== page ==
Australian Open could be my last tournament – tearful Murray

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Andy Murray was in tears as he spoke to journalists on Thursday
Australian Open 2019
Venue: Melbourne Park Dates: 14-27 January
Coverage: Daily live commentaries on the BBC Sport website, listen to Tennis Breakfast daily from 07:00 GMT on BBC Radio 5 live sports extra and watch highlights on BBC TV and online from 19 January.

Britain’s Andy Murray fears this week’s Australian Open could be his last tournament.

The three-time Grand Slam winner, who is struggling to recover from hip surgery, was in tears as he spoke to journalists in Melbourne on Thursday morning.

“I’m not sure I’m able to play through the pain for another four or five months,” he said.

“I want to get to Wimbledon and stop but I’m not certain I can do that.”

Murray, 31, was visibly emotional the morning after his chastening practice match against Novak Djokovic.

Watched by around 2,000 people on the Margaret Court Arena show court at Melbourne Park, Murray was 6-1 4-1 down when the two players called it a day.

The Scot, whose movement was laboured, held serve only once.

In his news conference, Murray conceded: “I’m not feeling good, I’ve been struggling for a long time.

“I’ve been in a lot of pain for about 20 months now. I’ve pretty much done everything I could to try and get my hip feeling better and it hasn’t helped loads.

“I’m in a better place than I was six months ago but I’m still in a lot of pain. I can still play to a level, but not a level I have played at.”

Murray, who has slipped to 230th in the world rankings, is due to face Spanish 22nd seed Roberto Bautista Agut in the first round in Melbourne.

Former US Open champion Andy Roddick was among those to pay tribute to Murray on Twitter

‘The pain is too much – I need to think about my quality of life’

Murray was frank in his assessment of his abilities; conceding he is no longer able to perform to the level which saw him win the US Open in 2012 and Wimbledon in 2013 and 2016.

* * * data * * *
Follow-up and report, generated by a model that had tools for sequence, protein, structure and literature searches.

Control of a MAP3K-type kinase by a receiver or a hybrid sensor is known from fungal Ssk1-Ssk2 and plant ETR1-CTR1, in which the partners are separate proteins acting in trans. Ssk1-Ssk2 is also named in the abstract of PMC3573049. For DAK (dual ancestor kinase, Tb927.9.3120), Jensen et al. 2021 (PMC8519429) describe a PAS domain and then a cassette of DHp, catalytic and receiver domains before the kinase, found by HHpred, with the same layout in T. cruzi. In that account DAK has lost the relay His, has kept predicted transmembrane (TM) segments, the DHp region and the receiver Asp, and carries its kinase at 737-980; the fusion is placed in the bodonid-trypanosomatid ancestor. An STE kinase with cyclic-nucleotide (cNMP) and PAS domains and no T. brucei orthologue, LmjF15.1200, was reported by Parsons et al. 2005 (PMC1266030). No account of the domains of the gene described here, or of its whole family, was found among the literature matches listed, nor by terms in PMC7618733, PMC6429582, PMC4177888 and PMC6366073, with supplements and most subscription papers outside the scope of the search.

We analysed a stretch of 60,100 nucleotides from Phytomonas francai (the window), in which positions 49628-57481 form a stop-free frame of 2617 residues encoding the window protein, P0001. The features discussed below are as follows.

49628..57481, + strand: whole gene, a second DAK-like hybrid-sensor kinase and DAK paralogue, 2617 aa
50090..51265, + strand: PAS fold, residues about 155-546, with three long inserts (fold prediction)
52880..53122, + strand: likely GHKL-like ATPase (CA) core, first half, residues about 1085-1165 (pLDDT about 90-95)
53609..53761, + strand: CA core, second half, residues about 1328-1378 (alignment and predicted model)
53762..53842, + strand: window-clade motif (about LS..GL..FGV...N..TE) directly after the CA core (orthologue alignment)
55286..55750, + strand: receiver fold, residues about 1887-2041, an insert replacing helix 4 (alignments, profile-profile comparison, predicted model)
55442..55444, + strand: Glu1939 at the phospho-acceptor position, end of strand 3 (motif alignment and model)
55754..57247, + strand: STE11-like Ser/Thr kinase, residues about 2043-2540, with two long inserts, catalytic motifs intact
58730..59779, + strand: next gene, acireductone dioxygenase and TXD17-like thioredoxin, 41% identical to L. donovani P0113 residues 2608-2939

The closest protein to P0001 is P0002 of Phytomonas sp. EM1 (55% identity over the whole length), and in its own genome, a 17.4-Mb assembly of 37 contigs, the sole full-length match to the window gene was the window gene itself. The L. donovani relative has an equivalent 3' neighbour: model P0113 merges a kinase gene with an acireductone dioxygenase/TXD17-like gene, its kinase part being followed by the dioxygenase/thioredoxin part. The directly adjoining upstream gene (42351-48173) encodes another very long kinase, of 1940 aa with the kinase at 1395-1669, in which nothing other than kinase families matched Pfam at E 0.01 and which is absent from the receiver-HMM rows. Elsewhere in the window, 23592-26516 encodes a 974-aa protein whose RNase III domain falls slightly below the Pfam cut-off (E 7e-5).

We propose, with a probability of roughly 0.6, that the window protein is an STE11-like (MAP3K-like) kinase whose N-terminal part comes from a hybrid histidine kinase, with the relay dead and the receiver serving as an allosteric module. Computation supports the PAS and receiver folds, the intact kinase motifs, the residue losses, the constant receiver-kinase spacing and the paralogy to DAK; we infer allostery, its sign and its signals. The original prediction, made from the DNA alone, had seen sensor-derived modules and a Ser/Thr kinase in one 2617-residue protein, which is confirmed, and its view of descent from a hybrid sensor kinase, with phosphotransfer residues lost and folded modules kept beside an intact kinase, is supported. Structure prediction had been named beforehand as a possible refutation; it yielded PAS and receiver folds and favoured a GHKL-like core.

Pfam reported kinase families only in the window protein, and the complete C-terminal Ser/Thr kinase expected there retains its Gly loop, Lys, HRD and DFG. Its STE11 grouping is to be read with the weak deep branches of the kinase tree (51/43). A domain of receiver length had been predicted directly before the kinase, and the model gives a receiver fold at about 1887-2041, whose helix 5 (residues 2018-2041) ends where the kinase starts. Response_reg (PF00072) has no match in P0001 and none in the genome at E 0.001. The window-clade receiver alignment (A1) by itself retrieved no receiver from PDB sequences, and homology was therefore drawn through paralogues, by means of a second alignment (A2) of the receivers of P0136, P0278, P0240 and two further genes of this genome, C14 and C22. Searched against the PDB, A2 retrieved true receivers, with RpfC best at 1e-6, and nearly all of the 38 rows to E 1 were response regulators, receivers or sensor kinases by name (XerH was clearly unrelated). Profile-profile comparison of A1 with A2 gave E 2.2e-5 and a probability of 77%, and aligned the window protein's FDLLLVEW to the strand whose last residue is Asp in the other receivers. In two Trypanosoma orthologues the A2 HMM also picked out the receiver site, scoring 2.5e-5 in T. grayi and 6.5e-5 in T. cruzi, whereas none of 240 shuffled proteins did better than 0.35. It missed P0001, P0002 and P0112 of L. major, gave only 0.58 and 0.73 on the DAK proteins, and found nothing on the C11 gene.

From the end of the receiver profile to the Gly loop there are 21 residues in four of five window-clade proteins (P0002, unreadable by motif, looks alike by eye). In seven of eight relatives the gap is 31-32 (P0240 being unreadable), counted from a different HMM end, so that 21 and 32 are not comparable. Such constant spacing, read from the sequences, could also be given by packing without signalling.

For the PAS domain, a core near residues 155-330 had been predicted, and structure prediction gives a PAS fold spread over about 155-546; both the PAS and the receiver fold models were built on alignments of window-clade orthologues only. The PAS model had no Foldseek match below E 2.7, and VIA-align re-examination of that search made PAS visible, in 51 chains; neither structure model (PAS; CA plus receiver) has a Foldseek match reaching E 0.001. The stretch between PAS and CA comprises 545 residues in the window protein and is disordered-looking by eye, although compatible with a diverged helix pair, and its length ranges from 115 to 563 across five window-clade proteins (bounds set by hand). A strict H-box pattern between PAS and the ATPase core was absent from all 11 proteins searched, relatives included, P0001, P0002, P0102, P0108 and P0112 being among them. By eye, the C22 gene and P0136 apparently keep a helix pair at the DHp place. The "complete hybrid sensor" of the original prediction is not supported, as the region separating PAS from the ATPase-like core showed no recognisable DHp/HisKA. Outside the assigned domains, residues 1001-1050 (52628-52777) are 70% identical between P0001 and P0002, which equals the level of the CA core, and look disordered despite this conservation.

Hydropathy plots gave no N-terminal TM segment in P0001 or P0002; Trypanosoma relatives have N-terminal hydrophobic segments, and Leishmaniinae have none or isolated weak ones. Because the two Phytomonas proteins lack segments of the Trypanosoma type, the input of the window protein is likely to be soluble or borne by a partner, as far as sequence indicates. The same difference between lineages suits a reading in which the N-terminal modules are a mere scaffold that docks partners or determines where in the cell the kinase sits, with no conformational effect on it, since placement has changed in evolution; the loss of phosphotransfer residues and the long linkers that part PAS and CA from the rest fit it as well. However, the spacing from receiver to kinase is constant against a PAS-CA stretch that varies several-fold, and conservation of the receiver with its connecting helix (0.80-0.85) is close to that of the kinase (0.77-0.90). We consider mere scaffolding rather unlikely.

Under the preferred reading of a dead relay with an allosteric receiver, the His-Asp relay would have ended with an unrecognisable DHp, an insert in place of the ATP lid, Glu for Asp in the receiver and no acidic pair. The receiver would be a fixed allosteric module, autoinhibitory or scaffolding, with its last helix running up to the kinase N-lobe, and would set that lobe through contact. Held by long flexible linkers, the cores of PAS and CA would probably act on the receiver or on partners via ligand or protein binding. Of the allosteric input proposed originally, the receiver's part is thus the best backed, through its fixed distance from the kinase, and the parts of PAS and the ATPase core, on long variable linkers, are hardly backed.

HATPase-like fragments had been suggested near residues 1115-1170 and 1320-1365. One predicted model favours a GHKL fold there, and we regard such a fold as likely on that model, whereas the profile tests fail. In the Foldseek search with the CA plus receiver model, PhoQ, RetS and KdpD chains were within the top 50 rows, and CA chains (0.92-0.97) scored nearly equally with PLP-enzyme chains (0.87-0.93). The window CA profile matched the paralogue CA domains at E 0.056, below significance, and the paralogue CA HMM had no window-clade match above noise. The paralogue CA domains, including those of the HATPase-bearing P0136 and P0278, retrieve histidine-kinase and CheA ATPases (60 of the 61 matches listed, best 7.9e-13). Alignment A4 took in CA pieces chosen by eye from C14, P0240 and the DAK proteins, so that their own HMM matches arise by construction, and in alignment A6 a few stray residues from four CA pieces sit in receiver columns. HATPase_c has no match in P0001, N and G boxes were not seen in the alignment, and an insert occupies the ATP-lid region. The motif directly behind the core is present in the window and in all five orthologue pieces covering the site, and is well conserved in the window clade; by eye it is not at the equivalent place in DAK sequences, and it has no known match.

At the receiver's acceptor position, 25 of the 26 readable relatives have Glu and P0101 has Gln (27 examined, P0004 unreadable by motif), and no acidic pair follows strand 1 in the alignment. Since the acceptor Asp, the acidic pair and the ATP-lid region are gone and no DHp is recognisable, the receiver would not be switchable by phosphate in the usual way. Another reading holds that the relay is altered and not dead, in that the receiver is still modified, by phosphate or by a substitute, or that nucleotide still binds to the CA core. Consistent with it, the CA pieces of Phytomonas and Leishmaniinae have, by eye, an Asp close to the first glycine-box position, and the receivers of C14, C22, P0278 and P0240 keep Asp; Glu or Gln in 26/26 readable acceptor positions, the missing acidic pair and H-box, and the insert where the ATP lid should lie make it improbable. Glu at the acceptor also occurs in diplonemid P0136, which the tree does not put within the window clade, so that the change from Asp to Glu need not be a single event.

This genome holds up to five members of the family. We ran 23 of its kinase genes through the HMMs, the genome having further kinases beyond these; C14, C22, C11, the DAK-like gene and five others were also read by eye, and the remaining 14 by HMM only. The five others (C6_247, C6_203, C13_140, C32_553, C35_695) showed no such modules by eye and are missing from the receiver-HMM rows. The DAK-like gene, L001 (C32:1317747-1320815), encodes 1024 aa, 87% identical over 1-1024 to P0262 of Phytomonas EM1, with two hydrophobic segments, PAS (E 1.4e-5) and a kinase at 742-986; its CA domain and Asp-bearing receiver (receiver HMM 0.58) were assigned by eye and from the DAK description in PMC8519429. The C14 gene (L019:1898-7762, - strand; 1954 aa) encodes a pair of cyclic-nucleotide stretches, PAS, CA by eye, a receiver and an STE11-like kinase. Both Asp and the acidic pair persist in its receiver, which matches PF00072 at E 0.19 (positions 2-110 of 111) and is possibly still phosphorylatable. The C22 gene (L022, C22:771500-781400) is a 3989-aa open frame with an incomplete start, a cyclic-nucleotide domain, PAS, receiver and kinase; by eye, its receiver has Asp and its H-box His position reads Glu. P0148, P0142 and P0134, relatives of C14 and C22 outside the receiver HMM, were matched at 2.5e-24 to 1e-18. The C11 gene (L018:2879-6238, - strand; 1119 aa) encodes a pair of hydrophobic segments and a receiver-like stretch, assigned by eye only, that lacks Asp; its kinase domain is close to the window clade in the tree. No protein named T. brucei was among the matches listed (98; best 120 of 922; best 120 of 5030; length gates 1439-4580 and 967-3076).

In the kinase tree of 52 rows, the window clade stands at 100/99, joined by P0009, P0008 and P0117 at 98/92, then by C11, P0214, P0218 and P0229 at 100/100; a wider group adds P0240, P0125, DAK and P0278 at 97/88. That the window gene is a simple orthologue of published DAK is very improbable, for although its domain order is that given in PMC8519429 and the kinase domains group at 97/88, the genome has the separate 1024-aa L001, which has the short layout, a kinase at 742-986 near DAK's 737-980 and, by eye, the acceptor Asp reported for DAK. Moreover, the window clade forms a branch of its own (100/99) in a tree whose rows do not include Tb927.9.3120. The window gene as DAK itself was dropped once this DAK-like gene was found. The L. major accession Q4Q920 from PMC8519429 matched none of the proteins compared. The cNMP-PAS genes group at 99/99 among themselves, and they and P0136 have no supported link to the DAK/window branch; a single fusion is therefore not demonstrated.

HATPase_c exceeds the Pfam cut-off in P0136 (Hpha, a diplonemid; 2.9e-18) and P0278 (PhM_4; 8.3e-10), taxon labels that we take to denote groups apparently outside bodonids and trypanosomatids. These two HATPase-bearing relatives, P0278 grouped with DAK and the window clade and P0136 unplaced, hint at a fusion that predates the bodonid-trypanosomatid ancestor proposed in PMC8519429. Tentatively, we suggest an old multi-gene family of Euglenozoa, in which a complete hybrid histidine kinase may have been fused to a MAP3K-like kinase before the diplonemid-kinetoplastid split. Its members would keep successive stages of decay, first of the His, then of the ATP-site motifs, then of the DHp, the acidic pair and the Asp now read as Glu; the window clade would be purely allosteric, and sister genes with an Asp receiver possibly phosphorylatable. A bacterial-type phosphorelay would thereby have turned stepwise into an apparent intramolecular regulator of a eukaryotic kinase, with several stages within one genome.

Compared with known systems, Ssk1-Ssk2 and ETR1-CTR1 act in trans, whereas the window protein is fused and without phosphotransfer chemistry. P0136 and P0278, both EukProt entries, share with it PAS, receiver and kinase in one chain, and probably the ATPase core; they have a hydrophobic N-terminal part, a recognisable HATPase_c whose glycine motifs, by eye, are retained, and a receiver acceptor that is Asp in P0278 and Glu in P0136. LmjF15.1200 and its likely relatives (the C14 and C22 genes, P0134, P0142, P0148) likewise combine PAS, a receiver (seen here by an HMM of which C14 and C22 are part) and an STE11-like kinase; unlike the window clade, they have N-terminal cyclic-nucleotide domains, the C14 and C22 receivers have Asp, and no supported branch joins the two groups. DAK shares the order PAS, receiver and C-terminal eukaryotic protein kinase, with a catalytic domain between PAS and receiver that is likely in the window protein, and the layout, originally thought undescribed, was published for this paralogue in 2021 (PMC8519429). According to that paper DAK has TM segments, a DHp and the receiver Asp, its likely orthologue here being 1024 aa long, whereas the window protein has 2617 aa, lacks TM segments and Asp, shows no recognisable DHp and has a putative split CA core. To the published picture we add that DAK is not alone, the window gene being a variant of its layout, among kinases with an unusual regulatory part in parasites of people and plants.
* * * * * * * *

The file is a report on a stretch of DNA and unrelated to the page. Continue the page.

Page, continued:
He told the world’s media of the agonising pain he is in when playing sport and says further hip surgery might be needed to ensure he has a better quality of life in retirement.

“The pain is too much really,” he said. “I need to have an end point because I’m playing with no idea of when the pain will stop.

“I’d like to play until Wimbledon – that’s where I’d like to stop playing – but I’m not certain I’m able to do that.

“I have the option of another operation which a little bit more severe – and involves having my hip resurfaced – which would allow me to have a better quality of life and be free of pain.

“That’s something I’m seriously considering now. Some athletes have had it and gone back to competing but there’s no guarantee of that.

“If I had it, it would be to have a better quality of life.”

Andy Murray turned pro in 2005

Raw emotion in a sombre media room – analysis

by BBC Sport’s Jonathan Jurejko in Melbourne

From the moment Andy Murray walked into the news conference at Melbourne Park, you felt a sense that something wasn’t quite right.

Asked a simple opening question of ‘How are you feeling?’, an emotional Murray struggled to get an answer of “not great” out before covering his face with his cap and sobbing underneath.

Murray has often showed his emotion on court but this was different. This was raw emotion in a place where players – and indeed sport stars generally – don’t like to show their true feelings in front of the world’s media.

A sombre silence filled the room before Murray returned to the room, a little more composed, and managed to tell us more.

The toils of the past four months: going to Philadelphia to work with rehab expert Bill Knowles and realising he still can’t reach the required physical level which brought him three Grand Slam titles, plus perhaps the harsh reality of being unable to compete with Novak Djokovic in a practice session here yesterday, have hit Murray.

Despite his fragile state, he still managed to fulfil his media duties and there was even evidence of his dry wit coming out as he was interviewed by television crews after the main news conference.

But a cracking voice was never far away as he discussed the pain in his hip and in his mind as he contemplated his future.

And when his media duties were done, the tears flowed again between him and coach Jamie Delgado as they shared a heartbreaking embrace in a corridor in the media centre corridor.



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